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Who had "Reddit declares war on the US stock market" written on their 2021 bingo card? Anyone? If you did, you've won a prize. The last few days have been a fascinating fight between the internet and Wall Street itself. The arena for this most unexpected battle? American video game retailer GameStop.
The retailer's dwindling stock market value was on something of a path to recovery in the second half of 2020, helped by a new partnership with Microsoft, the next-gen console launches, and the promise of financial gains during the holiday season. Then, seemingly out of the blue, the company's share price exploded from under $20 to, at the time of writing, $347.
What happened? In a word, Reddit. This massive jump has been largely pushed by online communities like the WallStreetBets subreddit. A tweet on January 19 from Citron Research warned that GameStop share prices would go back to $20 fast, and those buying higher were "suckers at this poker game". Citron is - or rather was - a GameStop short seller, which meant that it wanted to see the price go down. The higher it got, the more the firm would lose. Recognising this, WallStreetBets decided to work together and drive the price up.
Reddit also took on Hedge fund Melvin Capital Management, which is one of the biggest institutional shorters of the GameStop stock. While Reddit wasn't the sole factor behind GameStop's surge, it played a pivotal role. Oh, and Elon Musk got involved at one point. It's been a week.
To be completely honest, the below Tweet explains it better than I ever could.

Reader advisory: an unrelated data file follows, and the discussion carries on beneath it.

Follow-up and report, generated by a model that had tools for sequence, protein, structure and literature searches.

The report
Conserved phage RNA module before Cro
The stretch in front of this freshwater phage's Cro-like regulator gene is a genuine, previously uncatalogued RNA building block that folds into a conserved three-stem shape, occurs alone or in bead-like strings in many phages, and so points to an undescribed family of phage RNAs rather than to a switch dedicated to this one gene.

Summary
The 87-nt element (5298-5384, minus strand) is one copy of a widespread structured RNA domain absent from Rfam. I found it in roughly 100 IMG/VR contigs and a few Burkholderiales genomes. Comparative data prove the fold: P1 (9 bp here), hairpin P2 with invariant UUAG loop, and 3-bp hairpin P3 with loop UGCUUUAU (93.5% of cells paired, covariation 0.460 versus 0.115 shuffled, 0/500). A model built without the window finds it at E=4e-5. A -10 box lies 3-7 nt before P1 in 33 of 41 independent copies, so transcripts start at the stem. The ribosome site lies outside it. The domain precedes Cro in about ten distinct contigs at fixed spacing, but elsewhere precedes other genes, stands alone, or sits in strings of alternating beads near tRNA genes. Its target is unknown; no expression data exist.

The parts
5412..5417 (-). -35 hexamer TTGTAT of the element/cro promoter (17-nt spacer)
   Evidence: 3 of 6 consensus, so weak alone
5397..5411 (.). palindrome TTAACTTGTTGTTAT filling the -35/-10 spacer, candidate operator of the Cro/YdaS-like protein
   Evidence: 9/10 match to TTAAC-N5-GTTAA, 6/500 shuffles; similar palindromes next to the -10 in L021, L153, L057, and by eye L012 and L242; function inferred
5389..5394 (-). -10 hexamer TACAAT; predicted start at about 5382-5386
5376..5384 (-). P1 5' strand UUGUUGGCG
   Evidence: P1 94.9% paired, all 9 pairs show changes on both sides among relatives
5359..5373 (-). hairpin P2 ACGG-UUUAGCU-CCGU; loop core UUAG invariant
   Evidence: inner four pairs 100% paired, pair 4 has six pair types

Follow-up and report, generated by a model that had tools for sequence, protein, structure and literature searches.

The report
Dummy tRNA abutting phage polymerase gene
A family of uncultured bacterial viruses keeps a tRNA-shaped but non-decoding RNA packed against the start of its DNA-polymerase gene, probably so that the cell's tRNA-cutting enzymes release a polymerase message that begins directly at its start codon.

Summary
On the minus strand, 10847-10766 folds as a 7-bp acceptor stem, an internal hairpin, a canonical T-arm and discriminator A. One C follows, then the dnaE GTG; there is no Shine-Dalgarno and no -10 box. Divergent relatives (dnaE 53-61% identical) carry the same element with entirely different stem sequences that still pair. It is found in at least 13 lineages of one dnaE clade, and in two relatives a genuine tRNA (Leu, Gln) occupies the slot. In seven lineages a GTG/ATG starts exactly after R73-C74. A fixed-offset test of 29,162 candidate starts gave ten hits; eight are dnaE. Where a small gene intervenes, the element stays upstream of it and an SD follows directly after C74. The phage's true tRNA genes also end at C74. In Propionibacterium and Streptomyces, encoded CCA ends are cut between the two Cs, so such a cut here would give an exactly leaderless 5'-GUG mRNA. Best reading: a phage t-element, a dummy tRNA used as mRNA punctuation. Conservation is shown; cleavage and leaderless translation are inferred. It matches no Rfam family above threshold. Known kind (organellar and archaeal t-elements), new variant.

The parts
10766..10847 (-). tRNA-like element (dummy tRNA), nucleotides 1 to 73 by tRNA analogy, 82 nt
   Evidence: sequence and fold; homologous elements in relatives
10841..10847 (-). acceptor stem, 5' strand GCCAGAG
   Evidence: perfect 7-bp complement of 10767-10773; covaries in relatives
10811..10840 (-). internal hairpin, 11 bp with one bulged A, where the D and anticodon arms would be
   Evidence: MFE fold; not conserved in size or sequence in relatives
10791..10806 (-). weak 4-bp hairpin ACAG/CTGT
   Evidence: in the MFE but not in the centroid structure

That's how it all started. But it is of course still going on and doesn't seem to be slowing down. This entire GameStop saga has had a massive impact on the stock market, to the extent that Melvin Capital Management ended up needing an investment of nearly $3 billion just to stay alive after GameStop first started to rocket upwards.
CEO Gabe Plotkin has told CNBC that reports the company was coming close to bankruptcy are false, although Melvin pulled away from GameStop and left Reddit to it on Tuesday afternoon after suffering a "huge loss".
The ramifications of what this means for the American stock market are yet to be seen. While some are praising Reddit for proving beyond all doubt that the stock market is a strange and complicated mess that's held together most of the time by sheer force of will, others are concerned about the precedent the GameStop situation has set.
Social Capital CEO Chamath Palihapitiya praised WallStreetBets run as "a pushback against the establishment," to CNBC, and argued that those involved are doing "as good, and frankly a better job" than many hedge fund analysts. He also pointed out that many of the redditors who took the initial risks are driven by an anger at the way the stock market is run - and ruled - by a select few.
"Coming out of 2008, Wall Street took an enormous amount of risk, and they left retail as the bag holder," he explained. "A lot of these kids were in grade school and high school when that happened. They lost their homes, their parents lost their jobs, and they've always wondered, 'Why did those folks get bailed out for taking enormous amounts of risk, and nobody showed up to help my family?'"
Biden team is "monitoring the situation" around GameStop.- Jennifer Epstein (@jeneps) January 27, 2021
At present it's important to remember that none of what Reddit has done is illegal in any way, but some are now calling for regulators to consider the way advances in technology can be used to share information on the market, and how that might impact things going forward. Of course the minute the people who were always winning start to lose is when the rules have to change.
White House press secretary Jen Psaki also recently confirmed that the US government is "monitoring the situation", which suggests that this story is far from over.
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